February 1

  • 1662 – Forces under Chinese general Koxinga seized the Island of Taiwan from the Dutch East India Company and established the Kingdom of Tungning.
  • 1790 – The Supreme Court of the United States, the highest judicial body in the United States and the head of the judicial branch of the U.S. federal government, first convened at the Merchants' Exchange Building in New York City.
  • 1796 – The capital of Upper Canada was moved from Newark to York, which was judged to be less vulnerable to attack by the United States.
  • 1814 – The most destructive eruption of the Mayon Volcano occurred, killing over 2,000 people on the island of Luzon in the Philippines.
  • 1884 – The first fascicle of the Oxford English Dictionary, a 352-page volume that covered words from A to Ant, was published.
  • 1896 – Giacomo Puccini's opera La bohème premiered at the Teatro Regio in Turin, Italy, eventually becoming part of the standard Italian opera repertory and one of the most frequently performed operas internationally.
  • 1946 – As a result of a compromise between the major powers within the United Nations, Norwegian politician Trygve Lie was elected as the first UN Secretary-General.
  • 1957 – Invented by German mechanical engineer Felix Wankel, the first working prototype of the Wankel rotary engine ran for the first time at the research and development department of German manufacturer NSU Motorenwerke AG.
  • 1968 – The Government of Canada merged the Royal Canadian Navy, Canadian Army, and the Royal Canadian Air Force into a unified structure, the Canadian Forces.
  • 2001 – The capital of Malaysia was moved from Kuala Lumpur to Putrajaya, although the government's legislative functions remained in the former Federal Territory.
  • 2001 – The Timor Leste Defence Force was established from the erstwhile anti-Indonesian independence movement Falintil.
  • 2003 – The NASA Space Shuttle Columbia disintegrated over Texas during reentry into the Earth's atmosphere on its 28th and final mission, killing all seven crew members.
  • 2004 – During the halftime show of Super Bowl XXXVIII, Janet Jackson's breast was exposed by Justin Timberlake in what was later referred to as a "wardrobe malfunction", resulting in an immediate crackdown and widespread debate on perceived indecency in U.S. broadcasting.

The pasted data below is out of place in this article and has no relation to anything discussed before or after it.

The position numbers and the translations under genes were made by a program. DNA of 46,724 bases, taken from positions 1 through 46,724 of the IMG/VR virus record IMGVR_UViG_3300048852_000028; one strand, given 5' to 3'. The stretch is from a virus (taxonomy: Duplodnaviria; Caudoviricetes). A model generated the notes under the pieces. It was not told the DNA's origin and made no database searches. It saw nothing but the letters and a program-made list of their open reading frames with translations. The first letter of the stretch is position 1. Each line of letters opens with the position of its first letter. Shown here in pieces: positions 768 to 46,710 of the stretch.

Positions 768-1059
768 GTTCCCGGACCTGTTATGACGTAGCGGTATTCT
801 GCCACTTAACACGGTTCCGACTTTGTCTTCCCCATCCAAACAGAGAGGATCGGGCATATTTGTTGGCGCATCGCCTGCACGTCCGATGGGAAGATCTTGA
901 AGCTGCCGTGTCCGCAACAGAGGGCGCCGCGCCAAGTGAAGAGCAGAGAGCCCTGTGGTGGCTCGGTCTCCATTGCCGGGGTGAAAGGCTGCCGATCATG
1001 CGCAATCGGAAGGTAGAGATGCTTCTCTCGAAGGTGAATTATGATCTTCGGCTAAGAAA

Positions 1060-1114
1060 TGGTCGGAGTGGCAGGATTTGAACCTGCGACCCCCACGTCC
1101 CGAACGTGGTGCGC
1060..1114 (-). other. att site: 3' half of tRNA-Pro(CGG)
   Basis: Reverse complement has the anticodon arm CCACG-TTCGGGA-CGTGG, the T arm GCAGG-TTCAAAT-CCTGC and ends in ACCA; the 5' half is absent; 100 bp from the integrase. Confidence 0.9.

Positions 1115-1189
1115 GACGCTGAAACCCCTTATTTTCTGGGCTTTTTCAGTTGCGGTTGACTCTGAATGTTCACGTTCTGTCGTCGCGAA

• 2009 – Jóhanna Sigurðardóttir became Iceland's first female Prime Minister and the world's first openly gay head of government of the modern era.

February 2

  • 962 – Pope John XII crowned Otto the Great as Holy Roman Emperor, the first in nearly 40 years.
  • 1536 – An expedition to the New World led by Spanish conquistador Pedro de Mendoza founded what is now Buenos Aires, Argentina.
  • 1653 – The Dutch colony New Amsterdam received municipal rights, thus becoming a city on territory that what is now New York City.
  • 1848 – The Mexican–American War ended with the signing of the Treaty of Guadalupe Hidalgo, which gave 1.36 million km² (525,000 square miles) of Mexican territory known as the Mexican Cession to the United States in exchange for US$15 million.
  • 1920 – The Estonian War of Independence officially ended with the signing of the Treaty of Tartu, with Russia agreeing to recognise the independence of Estonia and renounce in perpetuity all rights to that territory.
  • 1922 – The novel Ulysses was first published in its entirety after this material by author James Joyce first appeared in serialised parts in the American journal The Little Review from March 1918 to December 1920, becoming one of the most important works of Modernist literature.
  • 1925 – Medical supplies to combat an outbreak of diphtheria reached Nome, Alaska Territory on dog sleds after a five and a half-day journey, inspiring the annual Iditarod Trail Sled Dog Race across Alaska.
  • 1943 – World War II: The Soviet Red Army captured 91,000 tired and starving German soldiers, ending the Battle of Stalingrad, one of the bloodiest battles in human history.
  • 1982 – The Syrian army bombarded the town of Hama in order to quell a revolt by the Muslim Brotherhood, killing about 7,000–25,000 people.
  • 1990 – President F.W. de Klerk declared the end of Apartheid in South Africa.
  • 1994 – The U.S. Court of Appeals for the Fourth Circuit issued its final ruling in Ney v. Landmark Education Corporation and Werner Erhard and affirmed the decision of the District Court; Werner Erhard defaulted on the payment due to Ney.